The Institute for Supply Management released today its report on Non-Manufacturing Index [NMI]. The report, which is considered to be a reliable near-term economic barometer, showed contraction on economic activity in the non-manufacturing sector.
The NMI (Non-Manufacturing Index) registered 37.3 percent in November, 7.1 percentage points lower than the 44.4 percent registered in October, indicating contraction in the non-manufacturing sector for the second consecutive month. The Non-Manufacturing Business Activity Index decreased 11.2 percentage points to 33 percent. The New Orders Index decreased 8.6 percentage points to 35.4 percent, and the Employment Index decreased 10.2 percentage points to 31.3 percent.
These are the lowest levels for each of these indexes since they were first reported in 1997. The Prices Index decreased 16.8 percentage points to 36.6 percent in November, indicating a decrease in prices from October. This is the largest-ever one-month decline in the index and its lowest level since it was first reported in 1997.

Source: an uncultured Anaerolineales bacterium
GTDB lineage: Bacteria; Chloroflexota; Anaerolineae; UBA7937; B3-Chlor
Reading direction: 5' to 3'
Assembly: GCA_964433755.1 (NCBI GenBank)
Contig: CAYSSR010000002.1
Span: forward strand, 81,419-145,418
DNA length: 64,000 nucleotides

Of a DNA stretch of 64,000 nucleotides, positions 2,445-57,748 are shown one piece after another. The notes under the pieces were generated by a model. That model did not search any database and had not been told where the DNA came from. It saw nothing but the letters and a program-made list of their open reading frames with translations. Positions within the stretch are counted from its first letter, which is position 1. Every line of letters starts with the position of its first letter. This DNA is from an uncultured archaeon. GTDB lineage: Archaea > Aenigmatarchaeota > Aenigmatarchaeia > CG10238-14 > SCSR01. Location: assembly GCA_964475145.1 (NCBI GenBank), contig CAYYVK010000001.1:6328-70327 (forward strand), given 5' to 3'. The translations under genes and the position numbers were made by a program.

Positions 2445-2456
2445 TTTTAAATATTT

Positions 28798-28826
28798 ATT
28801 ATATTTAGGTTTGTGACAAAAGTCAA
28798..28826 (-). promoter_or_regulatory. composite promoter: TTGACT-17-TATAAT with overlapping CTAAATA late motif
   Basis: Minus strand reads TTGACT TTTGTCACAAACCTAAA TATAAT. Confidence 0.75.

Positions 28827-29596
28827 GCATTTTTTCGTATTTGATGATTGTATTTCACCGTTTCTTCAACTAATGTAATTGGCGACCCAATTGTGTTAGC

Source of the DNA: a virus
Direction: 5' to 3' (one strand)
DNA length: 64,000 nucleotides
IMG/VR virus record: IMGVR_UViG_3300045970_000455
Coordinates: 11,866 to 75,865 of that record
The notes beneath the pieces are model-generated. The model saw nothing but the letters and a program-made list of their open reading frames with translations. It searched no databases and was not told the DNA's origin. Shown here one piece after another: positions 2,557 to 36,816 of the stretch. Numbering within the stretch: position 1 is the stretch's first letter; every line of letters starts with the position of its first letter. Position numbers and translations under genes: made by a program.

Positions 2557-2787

The report points out that “respondents’ comments reflect concern about the time line for the economy to stabilize and the impact it is having on discretionary spending and employment”. Clearly, the credit crunch continues to depress capital-spending ; consequently sinking profitability in various sectors of the economy. Today’s report seems to follow that pattern. Until the economy re-accelerates, capital spending will remain at risk.
According to the NMI, the one industry reporting growth in November based on the new NMI composite index is Health Care & Social Assistance. In terms of growth in employment — Information industry was the only industry reporting growth.